WINTER - Watering without electricity in coop (question)

Discussion in 'Feeding & Watering Your Flock' started by joebryant, Nov 18, 2010.

  1. joebryant

    joebryant Overrun With Chickens

    I'm just curious about the following:
    There seems to be a lot of people who have no electricity in their coop or readily accessible water. I wonder if anyone has tried making/expecting the chickens to travel to the owner's house for their water in the winter. Will/can chickens learn to leave their coop area and go to a heated water source close to the owner's back door?

    ETA I can't imagine my carrying buckets of water several times a day during cold winters to water chickens; they can walk as well as I can. I can see it during deep snow when chickens can't walk before I shoveled a path to the house for them, but every day would be out of the question for me.
    ETA #2 Now that I think of it, if my coop(s) were a long distance from my house, during summer and winter, the chickens' ONLY water source would be close to my house. They'd walk there for water or die of thirst.
     
    Last edited: Nov 18, 2010
  2. GAchick

    GAchick Chillin' With My Peeps

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    I've been doing that for awhile now. Actually I have a small metal bucket in front, and they drink from the horse's water in the back. I quit putting water in the coop area awhile back (months). I still keep the food there, because I want to keep the food out of the rain. I have one quarantine area that gets water, but everybody else travels.. It's not far though. They free range a much further distance than that...
     
  3. they'reHISchickens

    they'reHISchickens Chillin' With My Peeps

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    Let's face it, in the wild chickens don't have water accessible in the coop;)
    Ours prefer the running fountain/water bucket at the front of the house or various mud puddles when available. However, since the fox attack we aren't free ranging and so we must provide water. I think coop water is more important for conserving energy to produce winter eggs rather than a life/death situation. Likewise, water warmed slightly allows the chickens to conserve their energy for more important things.
    Now, if you can convince the chickens to actually use that conserved energy to produce eggs, you've done a wondrous thing!
     
  4. woodmort

    woodmort Chillin' With My Peeps

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    they'reHISchickens :

    Let's face it, in the wild chickens don't have water accessible in the coop;)!

    The true wild chicken--jungle fowl, probably don't roost far from a good source of it nor do they have to worry about it freezing. As far as feral chickens are concerned, in area where there is snow they probably make use of that as a water source.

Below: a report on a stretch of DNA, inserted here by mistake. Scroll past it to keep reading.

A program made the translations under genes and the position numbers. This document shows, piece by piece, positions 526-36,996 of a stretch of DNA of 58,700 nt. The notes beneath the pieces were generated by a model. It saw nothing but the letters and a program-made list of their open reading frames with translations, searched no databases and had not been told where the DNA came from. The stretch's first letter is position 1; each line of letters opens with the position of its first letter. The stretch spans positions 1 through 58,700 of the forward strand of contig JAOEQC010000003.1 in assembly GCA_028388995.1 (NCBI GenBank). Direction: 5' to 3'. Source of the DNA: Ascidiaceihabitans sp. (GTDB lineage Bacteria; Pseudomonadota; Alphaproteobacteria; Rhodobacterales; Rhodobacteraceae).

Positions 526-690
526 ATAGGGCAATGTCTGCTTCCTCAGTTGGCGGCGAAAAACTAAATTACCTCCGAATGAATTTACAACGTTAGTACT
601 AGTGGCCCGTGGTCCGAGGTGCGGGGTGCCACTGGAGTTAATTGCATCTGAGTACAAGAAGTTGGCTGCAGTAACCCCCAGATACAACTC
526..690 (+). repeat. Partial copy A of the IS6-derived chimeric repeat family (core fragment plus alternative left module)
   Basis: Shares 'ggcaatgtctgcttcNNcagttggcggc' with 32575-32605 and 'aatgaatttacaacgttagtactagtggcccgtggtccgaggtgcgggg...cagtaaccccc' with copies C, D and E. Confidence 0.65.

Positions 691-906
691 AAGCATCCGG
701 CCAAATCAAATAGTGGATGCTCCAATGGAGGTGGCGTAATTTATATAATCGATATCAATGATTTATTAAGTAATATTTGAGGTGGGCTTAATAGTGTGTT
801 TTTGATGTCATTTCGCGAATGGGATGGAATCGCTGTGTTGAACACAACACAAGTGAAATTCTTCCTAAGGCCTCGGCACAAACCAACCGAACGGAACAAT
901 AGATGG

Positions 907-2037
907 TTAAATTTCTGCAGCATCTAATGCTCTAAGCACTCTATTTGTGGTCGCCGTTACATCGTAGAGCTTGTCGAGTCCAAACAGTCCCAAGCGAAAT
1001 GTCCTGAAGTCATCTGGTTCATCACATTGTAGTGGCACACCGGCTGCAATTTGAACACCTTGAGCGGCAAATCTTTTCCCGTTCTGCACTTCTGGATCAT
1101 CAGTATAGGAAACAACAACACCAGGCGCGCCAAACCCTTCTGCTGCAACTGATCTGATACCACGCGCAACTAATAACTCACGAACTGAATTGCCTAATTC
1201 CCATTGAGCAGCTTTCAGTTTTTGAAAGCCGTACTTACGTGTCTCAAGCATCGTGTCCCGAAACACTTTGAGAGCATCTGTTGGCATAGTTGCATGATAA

As far as carrying vs letting them come to it is concerned: I'd rather walk through the snow the 50 yds or so to my coop than shovel a path to my house. Been doing that for 25 years but oh how I'm going to enjoy that hydrant we put in this summer.​
     
  5. Lesa

    Lesa Chillin' With My Peeps

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    Maybe you could train them- you know start off with the bucket near the coop in the summer and keep moving it closer to the house as the season goes on. I'll tell you right now, the first winter with my RIR's they would have dehydrated. They only took a few steps onto the snow. By the second year, if I shoveled they would take a little fresh air- but I can't imagine them walking far. For those chickens, if they couldn't see dirt (or even mud) they had little interest in going outside.
     
  6. johny

    johny Chillin' With My Peeps

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    "carrying buckets of water several times a day during cold winters to water chickens"


    Just how many birds do you have?
    I only have 13 Buff Orps.
    It is already clear I won't have to bring more than a 3 gallon waterer more than every three days this winter.
    How hard is that?


    It reached -15C (5F) last nite. The water was warm on it's heater base and the inside of the coop the air temp was 6C (43F)
     
  7. Kittymomma

    Kittymomma Chillin' With My Peeps

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    Quote:The birthday gift that keeps giving. [​IMG]
     
  8. BirdBrain

    BirdBrain Prefers Frozen Tail Feathers

    May 7, 2007
    Alaska
    We have electricity for the chickens and ducks, but I haul water every day for the ducks and every 3 days for the chickens. We shovel the path to the coop as well as one to the shed and around the back of the house. I find that a childs sled makes a great means of hauling stuff in the winter. Get free 5 gallon buckets with lids from Sam's Club and you are all set.
     
  9. joebryant

    joebryant Overrun With Chickens

    Johnny and birdbrain, lots of others have to water their chickens several times a day because they have no way to heat it in the coop.
     
  10. Olive Hill

    Olive Hill Overrun With Chickens

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    They'll travel just fine. I wouldn't even bother moving it slowly. Just put it where you want it and show one chicken where it is. The rest will follow. Not only have mine found every water source on the property; different birds tend to have different preferences as to which source they like to drink from. And, to boot, they have also figured out that if I move the larger livestock out of any given paddock that water source will no longer be filled and they stop going to it. They're not as dumb as they look. [​IMG]
     

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